Demand for rentals surges in Colorado 

The demand for rental apartments skyrocketed across Colorado during the first quarter as fewer people sought to buy homes, the Colorado Division of Housing said Thursday.

Apartment-vacancy rates fell and rents rose during the first quarter, reflecting the increased demand and the ability of apartment owners to raise rents.

The combined statewide vacancy rate, which includes vacancies from all survey areas and metro Denver, fell to 5.5 percent from 6.6 percent a year ago. The largest drop in the vacancy rate was in Grand Junction, which fell to 6.3 percent from 11.6 percent a year ago.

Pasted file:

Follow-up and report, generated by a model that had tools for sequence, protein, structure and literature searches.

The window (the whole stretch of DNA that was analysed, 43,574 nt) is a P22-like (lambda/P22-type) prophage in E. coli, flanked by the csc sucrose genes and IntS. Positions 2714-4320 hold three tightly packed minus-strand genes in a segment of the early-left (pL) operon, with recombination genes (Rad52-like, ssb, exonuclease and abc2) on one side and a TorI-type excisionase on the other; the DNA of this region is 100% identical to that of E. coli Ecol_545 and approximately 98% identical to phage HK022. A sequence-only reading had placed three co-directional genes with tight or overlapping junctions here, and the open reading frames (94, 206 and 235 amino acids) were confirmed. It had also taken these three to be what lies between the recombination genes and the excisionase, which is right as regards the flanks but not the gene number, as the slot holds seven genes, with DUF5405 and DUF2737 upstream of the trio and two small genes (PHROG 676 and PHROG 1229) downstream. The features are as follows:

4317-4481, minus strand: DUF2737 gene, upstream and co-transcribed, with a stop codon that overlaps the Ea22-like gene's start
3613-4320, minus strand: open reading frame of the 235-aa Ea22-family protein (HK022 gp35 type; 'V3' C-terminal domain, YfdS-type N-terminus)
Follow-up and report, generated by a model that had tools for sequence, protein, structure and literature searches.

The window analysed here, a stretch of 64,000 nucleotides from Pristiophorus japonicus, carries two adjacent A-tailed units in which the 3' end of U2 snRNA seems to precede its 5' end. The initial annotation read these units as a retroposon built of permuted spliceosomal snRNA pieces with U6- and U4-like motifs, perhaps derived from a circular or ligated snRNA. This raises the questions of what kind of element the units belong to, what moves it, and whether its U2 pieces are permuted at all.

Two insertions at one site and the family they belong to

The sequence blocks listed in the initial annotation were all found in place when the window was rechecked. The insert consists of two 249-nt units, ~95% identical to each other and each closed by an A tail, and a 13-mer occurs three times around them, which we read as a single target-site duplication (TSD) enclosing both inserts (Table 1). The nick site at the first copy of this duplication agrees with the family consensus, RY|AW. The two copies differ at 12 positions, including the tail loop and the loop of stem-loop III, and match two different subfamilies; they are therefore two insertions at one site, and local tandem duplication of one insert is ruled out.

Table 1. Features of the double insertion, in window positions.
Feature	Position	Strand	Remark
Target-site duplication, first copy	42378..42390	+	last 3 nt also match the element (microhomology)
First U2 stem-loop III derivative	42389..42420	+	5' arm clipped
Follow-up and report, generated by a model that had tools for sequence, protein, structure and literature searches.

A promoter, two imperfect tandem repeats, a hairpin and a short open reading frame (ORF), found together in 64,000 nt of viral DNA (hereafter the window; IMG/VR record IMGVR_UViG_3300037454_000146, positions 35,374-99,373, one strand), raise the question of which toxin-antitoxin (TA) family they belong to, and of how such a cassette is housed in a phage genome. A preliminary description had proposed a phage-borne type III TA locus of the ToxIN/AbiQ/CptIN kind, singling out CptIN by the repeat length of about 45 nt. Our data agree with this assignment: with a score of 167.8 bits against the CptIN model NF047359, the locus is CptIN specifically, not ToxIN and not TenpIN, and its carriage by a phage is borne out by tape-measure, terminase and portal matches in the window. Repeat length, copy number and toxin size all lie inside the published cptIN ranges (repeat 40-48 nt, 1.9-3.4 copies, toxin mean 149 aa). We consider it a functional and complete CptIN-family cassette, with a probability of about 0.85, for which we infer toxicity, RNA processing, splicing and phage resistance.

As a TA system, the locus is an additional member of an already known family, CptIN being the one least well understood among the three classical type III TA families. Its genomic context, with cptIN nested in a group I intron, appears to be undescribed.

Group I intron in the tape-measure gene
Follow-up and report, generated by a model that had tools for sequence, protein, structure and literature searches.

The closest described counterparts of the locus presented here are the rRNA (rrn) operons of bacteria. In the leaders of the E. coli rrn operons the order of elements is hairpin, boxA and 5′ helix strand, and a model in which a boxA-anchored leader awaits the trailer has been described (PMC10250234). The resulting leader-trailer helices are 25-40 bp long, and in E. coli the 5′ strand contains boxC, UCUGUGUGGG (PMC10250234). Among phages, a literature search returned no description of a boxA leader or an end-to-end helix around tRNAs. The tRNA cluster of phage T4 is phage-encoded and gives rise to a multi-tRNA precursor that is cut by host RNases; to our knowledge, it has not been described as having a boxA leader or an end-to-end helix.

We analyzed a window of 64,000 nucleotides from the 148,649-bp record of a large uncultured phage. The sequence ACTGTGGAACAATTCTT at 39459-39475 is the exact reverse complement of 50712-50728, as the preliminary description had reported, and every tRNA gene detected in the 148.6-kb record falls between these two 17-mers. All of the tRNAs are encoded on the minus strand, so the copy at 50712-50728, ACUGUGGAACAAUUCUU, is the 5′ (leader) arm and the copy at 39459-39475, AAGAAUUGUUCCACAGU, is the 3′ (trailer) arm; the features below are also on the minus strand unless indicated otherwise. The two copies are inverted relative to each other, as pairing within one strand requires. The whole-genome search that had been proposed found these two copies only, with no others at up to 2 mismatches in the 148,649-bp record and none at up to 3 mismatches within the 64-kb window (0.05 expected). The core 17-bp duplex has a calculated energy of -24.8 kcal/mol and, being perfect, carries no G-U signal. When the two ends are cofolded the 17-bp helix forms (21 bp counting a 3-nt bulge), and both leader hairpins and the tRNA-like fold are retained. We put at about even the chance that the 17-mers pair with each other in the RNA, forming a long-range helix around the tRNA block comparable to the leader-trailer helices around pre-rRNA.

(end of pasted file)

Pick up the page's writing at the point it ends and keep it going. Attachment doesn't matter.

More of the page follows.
The vacancy rates in Greeley and Colorado Springs are at nine-year lows.

The metro Denver vacancy rate, which was measured earlier this month in a separate survey, also fell to 5.5 percent from 6.5 percent a year ago.

During the same period, average rents increased in Colorado Springs, Fort Collins-Loveland and Pueblo. The average rent fell nearly 1 percent in Grand Junction, and average rent in Greeley was flat.


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